Tunes of Glory directed by Ronald Neame is a film about the Scottish Battalion in the period after the war. Major Jock Sinclair, acting Colonel of the Regiment, has been this position for a long time. He is looked up to and respected by officers and men alike who assume he will be appointed their commanding officer. He informs the men that he will be replaced with Colonel Basil Barrow. Jock Sinclair is trusted by the men because he is approachable and lenient towards the rules.  The men can also relate to him, as he started in the army as a soldier and worked his way up to his position. We learn that General Basil is quite opposite Sinclair. He is a strict disciplinarian and as he tries to impose his own style of leadership on his command, he struggles to gain respect and loyalty from the other officers and men. He works by the books, believing that all order and respect will come with the following of rules. Campaigns are thrown against the men which leads to tragic results for both of them.

By the acting in this film, the characters give a clear and concise idea of the Battalion and how everything was based upon loyalty and respect. The respect given by the men to Basil is merely based on force whereas Sinclair’s respect is because of relations and personal aspects. The men responded much better to Jock Sinclair’s position as General, yet the success of an army is more likely to be acquired through a leader of demanded perfection. Basil prepared the men for the worst situations for the war, it was because of this that his ways were more effective.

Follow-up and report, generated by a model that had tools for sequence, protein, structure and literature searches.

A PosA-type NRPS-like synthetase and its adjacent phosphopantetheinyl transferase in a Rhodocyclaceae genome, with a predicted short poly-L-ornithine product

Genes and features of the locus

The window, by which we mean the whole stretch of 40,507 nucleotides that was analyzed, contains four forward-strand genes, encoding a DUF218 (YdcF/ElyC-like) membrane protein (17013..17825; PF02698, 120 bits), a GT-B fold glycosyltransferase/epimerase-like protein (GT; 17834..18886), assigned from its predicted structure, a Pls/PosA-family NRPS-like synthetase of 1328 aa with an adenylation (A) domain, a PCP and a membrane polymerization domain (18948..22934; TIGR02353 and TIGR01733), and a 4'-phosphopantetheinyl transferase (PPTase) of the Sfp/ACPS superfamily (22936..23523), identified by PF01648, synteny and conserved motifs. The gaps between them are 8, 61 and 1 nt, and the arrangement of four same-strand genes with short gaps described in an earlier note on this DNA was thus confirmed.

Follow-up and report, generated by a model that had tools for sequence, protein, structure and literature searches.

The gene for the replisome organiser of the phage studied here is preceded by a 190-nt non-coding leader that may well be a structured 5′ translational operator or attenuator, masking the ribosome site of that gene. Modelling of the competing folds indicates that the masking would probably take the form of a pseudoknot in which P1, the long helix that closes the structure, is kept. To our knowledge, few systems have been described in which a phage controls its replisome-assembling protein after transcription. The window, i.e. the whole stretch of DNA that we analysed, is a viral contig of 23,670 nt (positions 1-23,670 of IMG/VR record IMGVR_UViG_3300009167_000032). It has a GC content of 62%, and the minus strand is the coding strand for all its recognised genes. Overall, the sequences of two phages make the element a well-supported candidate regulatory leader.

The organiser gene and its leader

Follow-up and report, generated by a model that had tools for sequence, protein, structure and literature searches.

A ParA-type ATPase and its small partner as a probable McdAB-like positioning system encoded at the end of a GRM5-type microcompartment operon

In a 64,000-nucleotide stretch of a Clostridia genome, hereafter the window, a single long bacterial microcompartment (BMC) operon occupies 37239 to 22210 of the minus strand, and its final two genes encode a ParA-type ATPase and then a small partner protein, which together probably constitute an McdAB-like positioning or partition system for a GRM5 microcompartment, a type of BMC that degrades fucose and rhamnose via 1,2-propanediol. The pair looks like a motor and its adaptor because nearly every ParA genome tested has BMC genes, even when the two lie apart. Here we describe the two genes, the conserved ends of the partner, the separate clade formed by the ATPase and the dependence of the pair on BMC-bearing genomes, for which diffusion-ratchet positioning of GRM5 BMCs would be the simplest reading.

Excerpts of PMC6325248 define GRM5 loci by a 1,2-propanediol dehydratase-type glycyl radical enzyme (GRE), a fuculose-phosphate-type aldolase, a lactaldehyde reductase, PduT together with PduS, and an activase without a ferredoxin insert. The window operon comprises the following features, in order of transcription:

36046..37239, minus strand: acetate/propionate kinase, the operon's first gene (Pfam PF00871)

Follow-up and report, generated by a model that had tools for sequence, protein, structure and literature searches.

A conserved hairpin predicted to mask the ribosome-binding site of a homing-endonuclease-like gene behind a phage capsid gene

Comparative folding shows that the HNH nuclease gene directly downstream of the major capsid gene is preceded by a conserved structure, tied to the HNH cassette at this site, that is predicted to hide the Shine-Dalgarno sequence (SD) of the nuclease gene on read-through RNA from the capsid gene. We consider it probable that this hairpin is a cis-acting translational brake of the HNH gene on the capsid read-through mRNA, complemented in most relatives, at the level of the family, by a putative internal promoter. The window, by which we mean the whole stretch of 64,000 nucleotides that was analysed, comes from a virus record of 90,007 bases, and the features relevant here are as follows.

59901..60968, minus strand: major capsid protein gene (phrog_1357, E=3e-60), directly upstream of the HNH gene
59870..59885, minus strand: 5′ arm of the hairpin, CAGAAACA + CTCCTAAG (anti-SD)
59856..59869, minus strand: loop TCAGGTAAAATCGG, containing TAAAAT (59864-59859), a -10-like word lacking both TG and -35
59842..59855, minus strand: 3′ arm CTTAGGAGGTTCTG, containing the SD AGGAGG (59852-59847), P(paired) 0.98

Sinclair believed that the purpose of life is to achieve happiness, where Kantian ethics comes into play. He thought that in order for his men to be successful, he had to make sure they were happy and enjoy what they were doing. He still brought order and discipline where necessary, but also made sure of their happiness, which resulted in success given by the men. Immanuel Kant is the philosopher of Kantian ethics, which can relate to Sinclair’s efforts and beliefs. Utilitarianism is based on the statement, ‘The greatest good for the greatest number of people.’ General Basil’s beliefs are related to Utilitarianism because he, like the philosopher Jeremy Bentham, believed in order and making everyone, including himself, happy.

This film, in my opinion, was not one I would recommend to people looking for an interesting or deeply meaningful film. It did not grab my attention as I almost fell asleep watching it. However, the storyline shows relation to philosophical ideas and beliefs, which is a good factor. I would recommend this movie to anyone who enjoys stories after the war and older films.

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